Have you ever wondered how deep a scuba diver can go? There is no single answer to this question; it all depends on each individual diver’s experience and certification level. If you’re curious about how deep a scuba diver can go, whether they’re an PADI Open Water Diver or PADI Advanced Open Water Diver, read on!

deep diver vs. advanced open water diver courses

Why Go Deep?

Anyone who has taken a scuba course knows that one of the first questions people ask you is, “How deep do you dive?” And, it’s natural for non-divers to be curious about what lies at the depths of the sea.

But for divers, it’s not so much about depth for the sake of going deep. It’s about what you see once you’re there. In fact, many of the best dive sites are quite shallow. But, there are some good reasons to head a little deeper.

Here are a few of the reasons why divers might want to go deeper:

  • To explore wrecks. Whether sunk because of a storm or war, or placed intentionally to make an artificial reef, wrecks are fascinating to explore. But many of them, especially larger ones, lie at greater depths.
  • To find unique marine life. Certain species live or feed deeper than others. As you go deeper, different types of wildlife become more common than at shallower depths.
  • To explore new dive sites. By increasing the depth you can dive to, you open up a whole new world of dive sites previously inaccessible.
  • To recover lost objects. Participating in search and recovery is exhilarating, but some lost objects may be at depths deeper thank 18 meters (60 feet). Enroll in the PADI Search and Recovery specialty course to learn more.

As you see, it’s really not a question of how deep can a scuba diver go, but rather how deep they have to go to accomplish their desired dive goals.

Deep Divers descending

How Deep Can an Open Water Diver Go? And, How Deep Can an Advanced Open Water Diver Go?

As you learn to dive, you build skills progressively, and it’s the same when it comes to depth. To go deeper, you need to learn new skills, like air management at depth, the risks of nitrogen narcosis, and deep dive planning.

That’s why after the first scuba diving certification course, as an Open Water Diver, you’re trained to dive up to 18 meters (60 feet), or to the depths you reached during your course, if shallower. At this level, you learn to practice good buoyancy control, safety protocols, and the principles of dive planning, among other skills.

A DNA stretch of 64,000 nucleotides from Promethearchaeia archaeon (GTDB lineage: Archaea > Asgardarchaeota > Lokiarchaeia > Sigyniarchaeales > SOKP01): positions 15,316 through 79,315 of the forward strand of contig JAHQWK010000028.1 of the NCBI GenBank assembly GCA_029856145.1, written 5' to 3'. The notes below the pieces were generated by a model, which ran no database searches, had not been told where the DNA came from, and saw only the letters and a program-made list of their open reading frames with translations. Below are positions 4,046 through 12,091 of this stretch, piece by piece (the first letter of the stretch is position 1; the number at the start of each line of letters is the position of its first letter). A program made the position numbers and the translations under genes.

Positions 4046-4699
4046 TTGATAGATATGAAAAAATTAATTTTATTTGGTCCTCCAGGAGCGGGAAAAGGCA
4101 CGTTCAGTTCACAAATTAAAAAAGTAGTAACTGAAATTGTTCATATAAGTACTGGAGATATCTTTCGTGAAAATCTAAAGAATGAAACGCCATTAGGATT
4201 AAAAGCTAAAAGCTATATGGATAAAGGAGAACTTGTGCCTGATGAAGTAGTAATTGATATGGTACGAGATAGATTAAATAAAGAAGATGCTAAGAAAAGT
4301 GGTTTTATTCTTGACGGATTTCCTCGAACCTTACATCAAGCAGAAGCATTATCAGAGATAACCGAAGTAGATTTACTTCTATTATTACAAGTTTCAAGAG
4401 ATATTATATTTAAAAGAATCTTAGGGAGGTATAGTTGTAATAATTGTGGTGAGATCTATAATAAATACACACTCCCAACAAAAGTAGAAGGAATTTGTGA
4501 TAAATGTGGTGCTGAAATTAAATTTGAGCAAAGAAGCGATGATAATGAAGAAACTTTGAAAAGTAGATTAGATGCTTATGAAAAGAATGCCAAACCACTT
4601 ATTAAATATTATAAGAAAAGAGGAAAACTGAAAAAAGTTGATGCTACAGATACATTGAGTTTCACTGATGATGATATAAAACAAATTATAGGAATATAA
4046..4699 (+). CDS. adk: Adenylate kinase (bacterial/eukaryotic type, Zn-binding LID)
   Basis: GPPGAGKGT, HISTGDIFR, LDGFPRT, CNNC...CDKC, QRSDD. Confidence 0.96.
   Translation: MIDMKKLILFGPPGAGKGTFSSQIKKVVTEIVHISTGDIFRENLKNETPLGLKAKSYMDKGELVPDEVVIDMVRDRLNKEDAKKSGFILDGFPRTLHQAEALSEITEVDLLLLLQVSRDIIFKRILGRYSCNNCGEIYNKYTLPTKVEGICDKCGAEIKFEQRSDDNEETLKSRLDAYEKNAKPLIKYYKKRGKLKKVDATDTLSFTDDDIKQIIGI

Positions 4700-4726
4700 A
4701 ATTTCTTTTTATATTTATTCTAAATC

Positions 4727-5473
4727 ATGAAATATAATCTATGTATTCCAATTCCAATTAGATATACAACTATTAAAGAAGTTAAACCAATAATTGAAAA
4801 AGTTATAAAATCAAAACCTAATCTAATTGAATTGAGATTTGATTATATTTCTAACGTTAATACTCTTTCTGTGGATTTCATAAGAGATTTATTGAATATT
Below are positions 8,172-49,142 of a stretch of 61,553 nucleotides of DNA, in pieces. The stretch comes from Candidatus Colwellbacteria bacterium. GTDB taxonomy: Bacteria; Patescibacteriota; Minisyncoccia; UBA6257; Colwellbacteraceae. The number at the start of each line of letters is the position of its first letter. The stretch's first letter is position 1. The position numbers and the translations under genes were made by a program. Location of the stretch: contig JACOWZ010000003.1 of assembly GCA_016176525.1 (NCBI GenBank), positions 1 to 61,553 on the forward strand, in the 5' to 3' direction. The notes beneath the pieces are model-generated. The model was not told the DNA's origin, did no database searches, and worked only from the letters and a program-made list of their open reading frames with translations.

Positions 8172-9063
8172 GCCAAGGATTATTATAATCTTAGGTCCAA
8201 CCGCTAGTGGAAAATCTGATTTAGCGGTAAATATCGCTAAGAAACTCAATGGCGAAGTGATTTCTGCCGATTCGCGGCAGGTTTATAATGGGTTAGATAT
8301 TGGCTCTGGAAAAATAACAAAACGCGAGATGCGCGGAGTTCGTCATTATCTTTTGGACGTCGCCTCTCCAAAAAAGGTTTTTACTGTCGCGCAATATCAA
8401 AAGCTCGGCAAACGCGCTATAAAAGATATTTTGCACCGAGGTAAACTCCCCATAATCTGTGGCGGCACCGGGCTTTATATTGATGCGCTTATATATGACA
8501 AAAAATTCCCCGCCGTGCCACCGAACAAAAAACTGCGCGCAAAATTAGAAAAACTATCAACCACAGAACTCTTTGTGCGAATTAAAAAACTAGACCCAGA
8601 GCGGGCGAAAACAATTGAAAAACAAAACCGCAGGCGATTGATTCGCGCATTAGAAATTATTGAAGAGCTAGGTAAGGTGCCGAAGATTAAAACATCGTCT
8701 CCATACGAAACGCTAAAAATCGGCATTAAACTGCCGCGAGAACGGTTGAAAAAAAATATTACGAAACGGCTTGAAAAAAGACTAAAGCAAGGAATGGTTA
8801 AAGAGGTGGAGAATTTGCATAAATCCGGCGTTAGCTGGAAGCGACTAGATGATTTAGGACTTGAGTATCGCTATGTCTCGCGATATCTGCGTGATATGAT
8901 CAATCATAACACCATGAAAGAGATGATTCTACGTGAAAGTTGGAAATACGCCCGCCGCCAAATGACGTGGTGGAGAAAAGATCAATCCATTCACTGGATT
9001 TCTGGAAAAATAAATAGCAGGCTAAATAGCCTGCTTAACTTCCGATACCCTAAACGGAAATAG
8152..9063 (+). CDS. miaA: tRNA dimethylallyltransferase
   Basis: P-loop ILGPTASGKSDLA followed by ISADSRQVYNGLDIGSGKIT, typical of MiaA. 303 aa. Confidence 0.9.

The next step in your diving journey is the Advanced Open Water Diver course, which expands on your skills and knowledge. During this course, you will learn to dive deeper, as well as study navigation skills and other more specialist scuba subjects. Once certified as an Advanced Open Water Diver, you’ll be trained to dive to a maximum depth of up to 30 meters (100 feet). 

Certification LevelDepth in MetersDepth in Feet
Open Water Diver18 Meters60 Feet
Advanced Open Water Diver30 Meters100 Feet

Why Take the Advanced Open Water Diver Course?

The reason most people take the Advanced Open Water Diver course is because they want to dive deeper for one of the multitude of reasons explained above. However, the course teaches so much more than deep diving. While expanding your scuba skills and knowledge, you’ll get to test out fun adventures, like night diving, underwater photography or drift diving.

Whatever your motivations for taking the Advanced Open Water Diver course, the increase in depth is a big step up from the Open Water Diver certification levels. Keep in mind that your available bottom time for deeper dives will be considerably lower for two main reasons: nitrogen absorption and air consumption.

Take a look at a Recreational Dive Planner which shows no-decompression limits for recreational diving to calculate how long a scuba diver can stay at a given depth due to the increasing amount of nitrogen absorption that occurs with greater depth. You’ll see that at 18 meters (60 meters), your maximum bottom time is 56 minutes; whereas, for a dive to 30 meters (100 feet), it’s only 20 minutes.  Similarly, the deeper you go, the quicker you will breathe your available air thereby shortening your dive time.

That’s why deeper diving requires more safety protocols, awareness, and dive planning to know when it’s time to start ascending.

Sea Turtles at depth

Want to Go Even Deeper?

If you want to go beyond the 30 meter (100 feet) limit of your Advanced Open Water Diver certification, there are still plenty of courses available to take you to new depths.

The Deep Diver specialty course will teach you everything you need for dives down to 40 meters (130 feet). And beyond that depth, you may want to check out the Technical Diving courses. By progressing into the PADI TecRec courses, you’ll learn how to plan and execute technical dives to 40 meters (130 feet) and beyond, where you will  use special equipment and dive planning procedures as well as specialized gas mixtures to stay at these depths a bit longer.

Scuba divers descending down a line to a deep dive

No matter what your skill or experience level may be, make sure that you always dive within your limits and that you are trained and certified to dive at the depth and environment you wish to go to. That way, you can stay safe while you enjoy the wonders of the deep.

Whether you want to become an Open Water Diver, progress to get your Advanced Open Water Diver certification or complete the Deep Diver specialty course, get started now with PADI eLearning.

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